news Tasmanian MP Brett Whiteley has told residents and businesses unhappy with the satellite broadband the NBN company is planning to deploy in his electorate in Western Tasmania that the infrastructure represents a “great opportunity” and they should stop pining for a Fibre to the Premise instead.
Residents of areas such as Queenstown in Western Tasmania were previously scheduled to have received a full Fibre to the Premises rollout as part of the previous Labor Government’s original NBN plan.
However, under the Coalition’s revised Multi-Technology Mix approach to the NBN, they will instead only receive satellite broadband, with the NBN company not planning to deploy any fixed broadband infrastructure to some areas of the state, despite the fact that townships such as Queenstown already have ADSL broadband over Telstra’s copper network, and several thousand local residents.
Residents and business groups in the region have bitterly complained about the issue to their local MP, Brett Whitely, demanding better broadband.
However, in a speech in Federal Parliament last week, Whiteley — the Liberal Member for Braddon — rejected the complaints.
“Satellite will be delivered to the west coast of Tasmania in the next few months. I say to the people of the west coast: that is a great opportunity. Sign up. Find out what it is like. And if it is still a problem let’s talk about it,” Whiteley said. “But I do not believe it will.”
Whiteley said Christmas might have been over six months ago, but Labor party figures were “still parading as economically irresponsible Santa Clauses … telling everybody that they should have Fibre to the Premise, that Fibre to the Node is a complete waste of time, that satellite will be no good and that the wireless tower technology is a waste of money.”
However, Whiteley told the Federation Chamber in Parliament (watch the video in full above), it was “about time” the Labor Party “came clean”.
“My electorate, on the west coast, are being stirred up into a bit of a frenzy—a few of them—by the Labor Party, particularly, and they need to understand this: when we inherited the NBN plan there was no plan, no design, no money, no funding, no contract, no anything for any NBN to flow to the west coast of Tasmania,” said Whitely.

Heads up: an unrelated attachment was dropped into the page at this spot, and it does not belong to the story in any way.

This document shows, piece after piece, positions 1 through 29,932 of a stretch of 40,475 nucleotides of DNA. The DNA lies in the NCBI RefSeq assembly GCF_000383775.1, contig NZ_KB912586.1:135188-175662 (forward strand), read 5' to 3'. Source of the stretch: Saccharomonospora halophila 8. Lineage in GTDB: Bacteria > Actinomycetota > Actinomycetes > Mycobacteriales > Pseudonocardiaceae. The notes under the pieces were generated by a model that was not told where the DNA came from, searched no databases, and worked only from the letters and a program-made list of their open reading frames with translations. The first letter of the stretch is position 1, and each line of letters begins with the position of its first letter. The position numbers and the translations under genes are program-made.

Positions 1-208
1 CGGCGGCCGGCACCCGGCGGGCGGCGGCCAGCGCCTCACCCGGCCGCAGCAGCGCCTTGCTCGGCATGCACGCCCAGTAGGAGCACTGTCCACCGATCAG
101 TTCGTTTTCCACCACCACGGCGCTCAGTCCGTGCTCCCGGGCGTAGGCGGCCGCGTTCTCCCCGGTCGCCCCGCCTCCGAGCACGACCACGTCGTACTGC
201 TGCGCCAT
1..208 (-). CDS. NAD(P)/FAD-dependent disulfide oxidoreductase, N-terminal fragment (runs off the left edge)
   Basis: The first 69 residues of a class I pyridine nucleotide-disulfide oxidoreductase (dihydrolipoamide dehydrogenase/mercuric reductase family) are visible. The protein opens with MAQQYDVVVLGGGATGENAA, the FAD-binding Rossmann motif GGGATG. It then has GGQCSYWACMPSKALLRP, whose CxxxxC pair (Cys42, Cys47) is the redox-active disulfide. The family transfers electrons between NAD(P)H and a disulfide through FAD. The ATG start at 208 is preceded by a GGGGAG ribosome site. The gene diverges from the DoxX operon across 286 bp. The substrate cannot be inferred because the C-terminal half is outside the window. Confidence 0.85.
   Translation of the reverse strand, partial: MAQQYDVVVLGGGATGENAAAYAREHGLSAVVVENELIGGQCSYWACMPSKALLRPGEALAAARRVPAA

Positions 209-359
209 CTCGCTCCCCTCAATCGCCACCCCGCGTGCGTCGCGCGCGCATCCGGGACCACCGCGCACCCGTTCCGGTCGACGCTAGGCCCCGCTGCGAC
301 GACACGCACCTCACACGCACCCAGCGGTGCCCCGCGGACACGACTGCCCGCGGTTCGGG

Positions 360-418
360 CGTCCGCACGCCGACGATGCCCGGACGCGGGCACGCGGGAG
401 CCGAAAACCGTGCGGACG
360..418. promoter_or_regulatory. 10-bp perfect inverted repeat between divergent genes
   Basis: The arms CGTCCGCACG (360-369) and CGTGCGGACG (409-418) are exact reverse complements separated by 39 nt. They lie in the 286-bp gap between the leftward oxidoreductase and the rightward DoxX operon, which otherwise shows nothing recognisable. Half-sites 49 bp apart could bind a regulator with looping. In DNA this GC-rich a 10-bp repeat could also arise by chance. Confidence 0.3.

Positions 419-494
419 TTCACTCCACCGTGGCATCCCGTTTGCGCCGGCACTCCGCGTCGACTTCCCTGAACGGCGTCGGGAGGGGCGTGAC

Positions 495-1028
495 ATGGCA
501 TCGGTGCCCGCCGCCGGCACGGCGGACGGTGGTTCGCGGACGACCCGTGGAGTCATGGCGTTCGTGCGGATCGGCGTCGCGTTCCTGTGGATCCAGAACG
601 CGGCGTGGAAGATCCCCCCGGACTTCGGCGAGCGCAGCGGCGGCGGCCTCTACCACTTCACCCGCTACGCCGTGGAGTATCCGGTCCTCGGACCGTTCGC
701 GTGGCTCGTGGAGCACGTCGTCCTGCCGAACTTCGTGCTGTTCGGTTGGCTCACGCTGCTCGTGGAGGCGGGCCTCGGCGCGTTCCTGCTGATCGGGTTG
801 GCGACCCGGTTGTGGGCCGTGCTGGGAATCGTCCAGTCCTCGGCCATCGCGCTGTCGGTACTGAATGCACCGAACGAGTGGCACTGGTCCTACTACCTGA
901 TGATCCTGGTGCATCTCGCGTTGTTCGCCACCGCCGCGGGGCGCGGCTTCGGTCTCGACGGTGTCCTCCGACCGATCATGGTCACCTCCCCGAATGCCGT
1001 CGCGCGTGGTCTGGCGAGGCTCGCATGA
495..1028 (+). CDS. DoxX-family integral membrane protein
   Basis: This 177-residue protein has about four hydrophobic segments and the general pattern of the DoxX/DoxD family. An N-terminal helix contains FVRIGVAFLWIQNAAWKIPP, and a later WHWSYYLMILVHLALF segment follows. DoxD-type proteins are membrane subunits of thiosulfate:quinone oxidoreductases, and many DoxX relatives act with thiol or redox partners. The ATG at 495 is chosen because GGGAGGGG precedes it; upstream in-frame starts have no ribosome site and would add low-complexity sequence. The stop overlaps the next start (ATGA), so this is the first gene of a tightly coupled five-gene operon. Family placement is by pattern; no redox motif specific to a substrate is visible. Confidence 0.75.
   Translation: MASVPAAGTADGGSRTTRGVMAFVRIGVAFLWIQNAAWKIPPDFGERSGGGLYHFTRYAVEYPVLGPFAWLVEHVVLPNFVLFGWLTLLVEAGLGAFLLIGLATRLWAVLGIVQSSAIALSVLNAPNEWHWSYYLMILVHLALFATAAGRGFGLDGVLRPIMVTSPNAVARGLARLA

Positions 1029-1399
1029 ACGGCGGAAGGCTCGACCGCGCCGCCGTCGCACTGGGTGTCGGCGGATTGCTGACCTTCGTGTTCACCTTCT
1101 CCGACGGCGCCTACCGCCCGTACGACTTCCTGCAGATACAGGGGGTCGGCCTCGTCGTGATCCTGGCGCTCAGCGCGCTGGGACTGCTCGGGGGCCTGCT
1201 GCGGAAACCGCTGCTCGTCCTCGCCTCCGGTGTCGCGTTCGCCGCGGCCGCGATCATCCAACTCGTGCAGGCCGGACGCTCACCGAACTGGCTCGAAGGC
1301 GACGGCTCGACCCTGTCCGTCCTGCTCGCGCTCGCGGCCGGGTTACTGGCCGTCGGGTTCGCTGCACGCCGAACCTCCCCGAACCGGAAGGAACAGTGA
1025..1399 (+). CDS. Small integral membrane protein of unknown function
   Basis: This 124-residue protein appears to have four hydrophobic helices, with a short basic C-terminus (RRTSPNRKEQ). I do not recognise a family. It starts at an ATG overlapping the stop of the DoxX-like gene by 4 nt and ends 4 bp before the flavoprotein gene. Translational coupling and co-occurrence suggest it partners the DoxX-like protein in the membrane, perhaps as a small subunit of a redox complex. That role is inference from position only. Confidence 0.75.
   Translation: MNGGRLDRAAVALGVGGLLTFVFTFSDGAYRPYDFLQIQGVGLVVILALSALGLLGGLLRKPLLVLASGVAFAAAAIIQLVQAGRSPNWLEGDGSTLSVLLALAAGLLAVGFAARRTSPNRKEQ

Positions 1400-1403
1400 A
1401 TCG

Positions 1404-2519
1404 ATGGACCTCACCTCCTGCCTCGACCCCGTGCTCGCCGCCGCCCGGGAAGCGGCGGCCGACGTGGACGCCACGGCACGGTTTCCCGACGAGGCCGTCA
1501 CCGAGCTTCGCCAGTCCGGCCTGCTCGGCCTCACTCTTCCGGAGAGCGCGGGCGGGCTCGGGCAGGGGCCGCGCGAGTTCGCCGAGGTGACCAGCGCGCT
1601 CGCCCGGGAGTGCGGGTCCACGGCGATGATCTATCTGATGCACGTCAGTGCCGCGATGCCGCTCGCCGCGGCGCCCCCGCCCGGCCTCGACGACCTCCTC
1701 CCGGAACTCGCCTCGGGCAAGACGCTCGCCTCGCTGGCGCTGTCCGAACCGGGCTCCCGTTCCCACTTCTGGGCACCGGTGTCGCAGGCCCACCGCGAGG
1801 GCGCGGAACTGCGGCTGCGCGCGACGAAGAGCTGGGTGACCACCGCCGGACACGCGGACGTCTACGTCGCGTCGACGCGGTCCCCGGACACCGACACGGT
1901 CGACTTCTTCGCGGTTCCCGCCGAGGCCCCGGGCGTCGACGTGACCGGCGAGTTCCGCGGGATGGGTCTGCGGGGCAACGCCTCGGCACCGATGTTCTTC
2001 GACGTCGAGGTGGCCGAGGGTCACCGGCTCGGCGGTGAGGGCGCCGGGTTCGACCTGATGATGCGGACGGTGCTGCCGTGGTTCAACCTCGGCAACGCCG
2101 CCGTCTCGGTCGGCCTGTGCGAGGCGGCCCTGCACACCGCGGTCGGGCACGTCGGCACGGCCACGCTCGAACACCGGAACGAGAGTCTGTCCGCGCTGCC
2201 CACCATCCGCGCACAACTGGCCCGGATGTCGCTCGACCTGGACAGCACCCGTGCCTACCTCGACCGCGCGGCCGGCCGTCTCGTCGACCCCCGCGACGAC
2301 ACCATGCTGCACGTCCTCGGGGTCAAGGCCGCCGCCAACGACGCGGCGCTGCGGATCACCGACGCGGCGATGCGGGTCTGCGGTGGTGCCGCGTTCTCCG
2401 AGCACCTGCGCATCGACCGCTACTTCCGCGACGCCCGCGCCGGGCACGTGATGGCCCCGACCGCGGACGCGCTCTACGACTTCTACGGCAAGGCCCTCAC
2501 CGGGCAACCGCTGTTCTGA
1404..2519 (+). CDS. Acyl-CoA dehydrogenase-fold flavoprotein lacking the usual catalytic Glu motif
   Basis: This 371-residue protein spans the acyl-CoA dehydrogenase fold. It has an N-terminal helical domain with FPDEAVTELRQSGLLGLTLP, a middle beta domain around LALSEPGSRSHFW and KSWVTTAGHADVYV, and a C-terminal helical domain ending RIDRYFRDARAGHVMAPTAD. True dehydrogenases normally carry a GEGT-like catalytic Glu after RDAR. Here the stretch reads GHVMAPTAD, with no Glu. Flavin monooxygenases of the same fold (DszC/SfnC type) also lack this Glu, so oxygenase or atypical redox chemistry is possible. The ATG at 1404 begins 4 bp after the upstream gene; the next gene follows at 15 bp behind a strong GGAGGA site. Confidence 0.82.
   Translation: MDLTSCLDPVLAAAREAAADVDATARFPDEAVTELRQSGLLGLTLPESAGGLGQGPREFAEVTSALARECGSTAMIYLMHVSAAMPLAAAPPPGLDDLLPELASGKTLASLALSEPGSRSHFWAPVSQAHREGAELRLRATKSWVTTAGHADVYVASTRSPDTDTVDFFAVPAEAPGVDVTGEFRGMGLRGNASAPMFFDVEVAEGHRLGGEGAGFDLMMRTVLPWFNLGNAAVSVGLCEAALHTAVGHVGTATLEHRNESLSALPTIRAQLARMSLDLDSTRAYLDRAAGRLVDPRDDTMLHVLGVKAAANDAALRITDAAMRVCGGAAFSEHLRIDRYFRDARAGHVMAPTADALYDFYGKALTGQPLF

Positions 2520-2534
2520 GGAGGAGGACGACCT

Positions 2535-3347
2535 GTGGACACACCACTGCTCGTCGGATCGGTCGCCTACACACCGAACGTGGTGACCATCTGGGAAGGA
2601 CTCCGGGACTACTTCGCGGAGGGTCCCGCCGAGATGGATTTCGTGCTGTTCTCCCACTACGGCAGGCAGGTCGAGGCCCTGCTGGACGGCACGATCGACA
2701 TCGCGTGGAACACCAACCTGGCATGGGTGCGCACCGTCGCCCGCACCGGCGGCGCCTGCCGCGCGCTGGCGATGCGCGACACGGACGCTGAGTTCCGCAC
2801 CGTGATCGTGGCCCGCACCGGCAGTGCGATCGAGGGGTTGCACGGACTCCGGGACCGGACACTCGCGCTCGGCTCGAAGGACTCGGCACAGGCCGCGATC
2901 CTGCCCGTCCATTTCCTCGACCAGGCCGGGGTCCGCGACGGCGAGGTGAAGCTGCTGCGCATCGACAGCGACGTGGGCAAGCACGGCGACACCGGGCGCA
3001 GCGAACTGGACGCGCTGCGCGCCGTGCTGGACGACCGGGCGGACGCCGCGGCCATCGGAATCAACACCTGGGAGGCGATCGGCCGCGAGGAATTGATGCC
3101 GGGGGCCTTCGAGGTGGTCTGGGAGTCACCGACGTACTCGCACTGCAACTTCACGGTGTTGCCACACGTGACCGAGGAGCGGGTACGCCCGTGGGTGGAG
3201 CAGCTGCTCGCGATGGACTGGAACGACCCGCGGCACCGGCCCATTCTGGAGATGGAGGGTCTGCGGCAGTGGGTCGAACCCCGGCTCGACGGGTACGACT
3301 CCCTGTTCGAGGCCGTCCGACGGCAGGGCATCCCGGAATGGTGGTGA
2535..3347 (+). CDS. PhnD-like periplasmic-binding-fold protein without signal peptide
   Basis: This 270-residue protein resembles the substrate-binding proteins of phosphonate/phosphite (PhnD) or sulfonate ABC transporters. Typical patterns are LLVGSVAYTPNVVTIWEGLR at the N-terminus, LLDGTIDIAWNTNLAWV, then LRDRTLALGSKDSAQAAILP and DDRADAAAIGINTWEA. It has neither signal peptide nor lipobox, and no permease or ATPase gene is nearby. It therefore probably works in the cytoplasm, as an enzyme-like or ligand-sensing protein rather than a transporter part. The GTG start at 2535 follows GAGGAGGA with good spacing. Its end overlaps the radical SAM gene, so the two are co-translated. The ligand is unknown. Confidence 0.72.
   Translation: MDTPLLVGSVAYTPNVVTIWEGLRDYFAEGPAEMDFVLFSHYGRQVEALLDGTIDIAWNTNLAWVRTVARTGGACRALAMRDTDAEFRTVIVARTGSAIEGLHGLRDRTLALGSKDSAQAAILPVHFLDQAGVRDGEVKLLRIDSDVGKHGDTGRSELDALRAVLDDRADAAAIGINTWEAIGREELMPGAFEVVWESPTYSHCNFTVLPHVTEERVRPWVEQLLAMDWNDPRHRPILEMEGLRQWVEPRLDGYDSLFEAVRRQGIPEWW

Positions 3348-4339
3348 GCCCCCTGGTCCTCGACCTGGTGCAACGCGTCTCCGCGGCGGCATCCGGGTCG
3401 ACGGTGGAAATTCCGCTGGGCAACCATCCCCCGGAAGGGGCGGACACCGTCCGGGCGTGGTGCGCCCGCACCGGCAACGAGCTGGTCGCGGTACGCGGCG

“Yet they are rolling in there telling everyone they can have [Fibre to the Premises].”
Whitely said there was “no plan” for the Labor Party to deliver a fibre NBN — “in any way, shape or form” — into the west coast of Tasmania.
“The people of the west coast need to understand that. If they want to hold onto the hope the Labor Party pretends to put forward, we are looking at a potential eight to 10-year delay in providing the sort of rolled gold system that the Labor Party is talking about. I say to the people of the West Coast: do not believe them.”
“There is an opportunity, in the next few months, for the people of the west coast to sign up to a satellite service that will deliver speeds 10 times faster than those they have now, and it will be a great opportunity for that community.”
Allow me to put a few facts on the table in relation to Whiteley’s speech.
Firstly, it is clear that the NBN company and the previous Labor Federal Government did somewhat stuff up the FTTP NBN rollout in Tasmania. Tasmania was supposed to be the first state in Australia to get the NBN, but the rollout got bogged down in problems largely to do with contractors and the construction process.
However, Whiteley’s claim that Labor didn’t have a plan for Tasmania is not true. The state was to receive mostly FTTP under the previous Labor plan … now it is to receive a mix of various technologies.
The satellite issue on the state’s west coast also continues to be a major issue.
There are a number of major communities on the Tasmanian west coast which already have Telstra copper in the ground, and even have access to some fibre infrastructure in the region. Normally this would be a clear-cut case or upgrading that infrastructure to fibre, or at least fibre to the node.
And yet the NBN company appears to be ignoring the communities in rural Tasmania, instead pledging to put satellite dishes on areas which have thousands of homes.
Whiteley can rant all he wants about how great satellite is. But the reality is that these people deserve — and were promised — better. If the NBN company is going to take over Telstra’s copper network, after all, the least it can do is upgrade it with some fibre. Satellite is usually not the best option when there is existing infrastructure in the ground.